The first step is to penetrate the clouds of deceit and distortion and learn the truth about the world,
then to organize and act to change it. That's never been impossible and never been easy. ~Noam Chomsky

Sunday, May 5, 2013

Adoption Truth Part III: Adopting Again

Let's get this show on the road, yes?
I'm sorry for the long delay in posting. I was in Haiti. Again.

Thank you for reading, commenting and reposting parts I and II. Your comments, even when questioning, were so full of grace. I try to remember to give more grace when I am the recipient of so much.

Thank you for recognizing that the stories I'm telling here are glimpses. Snapshots. Thoughts in time. They can never be our full story and will never reveal more about our daughter or son than we think is acceptable to share publicly (which we recognize is walking a very fine line.) It is a thin line that I'm walking only because I believe with my whole heart that truth and light can dispel darkness and create change.

......

Adoption Truths Part III: Adopting Again

If we were so concerned with Ariam's mother's story, why on earth did we start a second adoption?

In fall of 2011, while we were still putting together puzzle pieces of Ariam's story and wondering if this story was an anomaly, we began to discuss a second adoption. We sorted through our desires, a potential second child's needs, Ariam's needs, and all of the options for expanding our family.

I think that whether you have adopted or not you will probably resonate with our reasons for adding a second child to our family.

Reason 1 - we wanted children, plural. We wanted to be a family and we wanted Ariam to have a brother or sister. We did not want to rescue a child, be "saviors" in the eyes of our community, or do some act of charity. It is a selfish reason to adopt - wanting a child. But if done right, there is actually no better reason, in my opinion, to adopt than *wanting* a child. Wanting to be family for and with a child.

Reason 2 - We didn't want Ariam to be the only person of color in our entire family. We were reading more writings from teen and adult adoptees and unanimously they felt that being the "only one" (adopted, with special needs, different ethnicity, whatever the case) was hard. Uncomfortable. An extra burden.

I won't forget the day we were with our extended family in a restaurant, all of us white as white can be, and I realized that all eyes in the restaurant were on Ariam. Talking, laughing, animated. She didn't seem to notice. But I did. And I don't want that for her. I want her to have siblings with whom she can share this unique experience of being adopted in a transracial family.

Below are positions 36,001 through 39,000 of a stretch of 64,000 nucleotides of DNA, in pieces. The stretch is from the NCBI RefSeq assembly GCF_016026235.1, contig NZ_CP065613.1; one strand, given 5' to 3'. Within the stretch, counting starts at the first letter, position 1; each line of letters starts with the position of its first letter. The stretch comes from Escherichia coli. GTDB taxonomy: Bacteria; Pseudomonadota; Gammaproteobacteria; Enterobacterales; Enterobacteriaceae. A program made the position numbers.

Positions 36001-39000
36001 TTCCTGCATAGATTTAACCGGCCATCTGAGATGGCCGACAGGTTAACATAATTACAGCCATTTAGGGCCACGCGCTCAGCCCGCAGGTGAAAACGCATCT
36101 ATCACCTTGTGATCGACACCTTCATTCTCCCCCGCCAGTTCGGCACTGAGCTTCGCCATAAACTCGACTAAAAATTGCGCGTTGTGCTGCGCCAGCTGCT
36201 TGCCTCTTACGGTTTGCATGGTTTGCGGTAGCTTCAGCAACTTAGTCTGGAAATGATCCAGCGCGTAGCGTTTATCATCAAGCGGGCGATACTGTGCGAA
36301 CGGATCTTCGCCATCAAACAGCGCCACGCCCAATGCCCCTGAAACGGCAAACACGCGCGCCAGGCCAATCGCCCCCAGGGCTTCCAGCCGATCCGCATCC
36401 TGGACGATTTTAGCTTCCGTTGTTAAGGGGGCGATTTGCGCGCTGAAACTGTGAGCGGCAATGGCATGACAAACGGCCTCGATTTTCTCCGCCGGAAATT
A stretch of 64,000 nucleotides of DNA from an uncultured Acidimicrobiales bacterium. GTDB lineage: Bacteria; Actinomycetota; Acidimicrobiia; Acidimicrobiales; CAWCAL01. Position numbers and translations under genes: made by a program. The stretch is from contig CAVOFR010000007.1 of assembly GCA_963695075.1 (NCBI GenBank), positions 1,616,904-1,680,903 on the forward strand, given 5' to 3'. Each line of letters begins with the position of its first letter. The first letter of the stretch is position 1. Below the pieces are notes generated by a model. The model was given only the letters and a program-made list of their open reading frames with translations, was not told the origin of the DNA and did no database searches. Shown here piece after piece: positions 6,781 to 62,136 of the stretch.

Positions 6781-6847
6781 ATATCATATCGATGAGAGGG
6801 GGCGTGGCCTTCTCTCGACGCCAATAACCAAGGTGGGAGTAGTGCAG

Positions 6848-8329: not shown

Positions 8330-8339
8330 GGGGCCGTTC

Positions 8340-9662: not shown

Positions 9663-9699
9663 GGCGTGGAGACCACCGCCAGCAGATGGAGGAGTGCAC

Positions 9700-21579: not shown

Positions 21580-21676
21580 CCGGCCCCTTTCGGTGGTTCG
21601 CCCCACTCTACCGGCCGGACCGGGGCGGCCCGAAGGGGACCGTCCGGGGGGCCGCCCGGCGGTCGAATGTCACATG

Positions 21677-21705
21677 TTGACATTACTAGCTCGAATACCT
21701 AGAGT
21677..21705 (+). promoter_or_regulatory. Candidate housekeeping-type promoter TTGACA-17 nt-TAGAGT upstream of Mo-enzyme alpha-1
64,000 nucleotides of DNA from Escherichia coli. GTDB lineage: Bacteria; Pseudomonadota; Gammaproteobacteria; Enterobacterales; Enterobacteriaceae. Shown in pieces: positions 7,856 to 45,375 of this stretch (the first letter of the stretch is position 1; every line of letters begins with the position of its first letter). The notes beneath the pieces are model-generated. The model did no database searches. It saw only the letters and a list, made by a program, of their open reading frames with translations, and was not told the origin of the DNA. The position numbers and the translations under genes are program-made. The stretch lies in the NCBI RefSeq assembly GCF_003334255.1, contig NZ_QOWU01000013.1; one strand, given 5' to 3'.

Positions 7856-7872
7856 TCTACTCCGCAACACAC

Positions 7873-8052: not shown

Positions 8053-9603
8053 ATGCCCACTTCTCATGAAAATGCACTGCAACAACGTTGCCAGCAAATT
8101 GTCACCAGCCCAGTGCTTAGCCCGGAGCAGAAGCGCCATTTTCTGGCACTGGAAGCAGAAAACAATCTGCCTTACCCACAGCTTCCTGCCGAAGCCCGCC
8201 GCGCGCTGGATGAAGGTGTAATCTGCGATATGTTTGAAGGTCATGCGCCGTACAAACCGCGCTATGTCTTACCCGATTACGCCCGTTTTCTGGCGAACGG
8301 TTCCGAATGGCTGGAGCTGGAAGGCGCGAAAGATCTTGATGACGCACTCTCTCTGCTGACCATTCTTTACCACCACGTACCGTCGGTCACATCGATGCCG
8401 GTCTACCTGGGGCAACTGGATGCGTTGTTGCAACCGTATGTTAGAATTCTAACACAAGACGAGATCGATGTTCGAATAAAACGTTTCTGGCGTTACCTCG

The day we told Ariam that she would be a big sister to a little boy she asked "will he be chocolate like me?" (She was 2.5 and still thinking of skin as a color not a race or ethnicity yet.) I know her well enough to know that she would love any baby. But her reaction to the knowledge that yes, her brother would look like her, was confirmation to me that we had made the right decision for our family. And for our children.

Throughout the year she has checked in on this with us. "Will he be brown like me mom?" "Is he definitely going to have black hair like me?" "He and I will be the same just like Mia and her sister are the same and like Roan and her brother are the same!"

She has never wavered in her love for this little brother. Across time and space, across more than a year of her young life, through confusion and delays and questions he has been the dream she holds most dearly.

(Transcribed by her preschool teacher. We have dozens of these type of letters.)






There have been moments in recent months when we have thought we would need to break it to Ariam that this little brother of hers, held so close to her heart, would not be coming to live with us.

We made the hardest decision I think any adoptive parent has to make (and yet at the same time this seems like something so very basic and obvious to anyone who is not adopting!) We needed to find out if this little boy's living birth parent had been coerced to relinquish him for adoption.

We are waiting for the end of this story. It is not quite finished yet. (Sometimes truth, when dealing with cross cultural communication, requires the allowance of time and patience.)

I hope to share more of this journey with you at some point in the near future. Not because I have any interest in exposing our most personal fears, stories, or our child's life details with the internet community at large. But because this entire story sheds light on aspects of adoption, agencies that masquerade as "Christian" and the dangers of group think that we all need to be more diligent in discussing and working to change.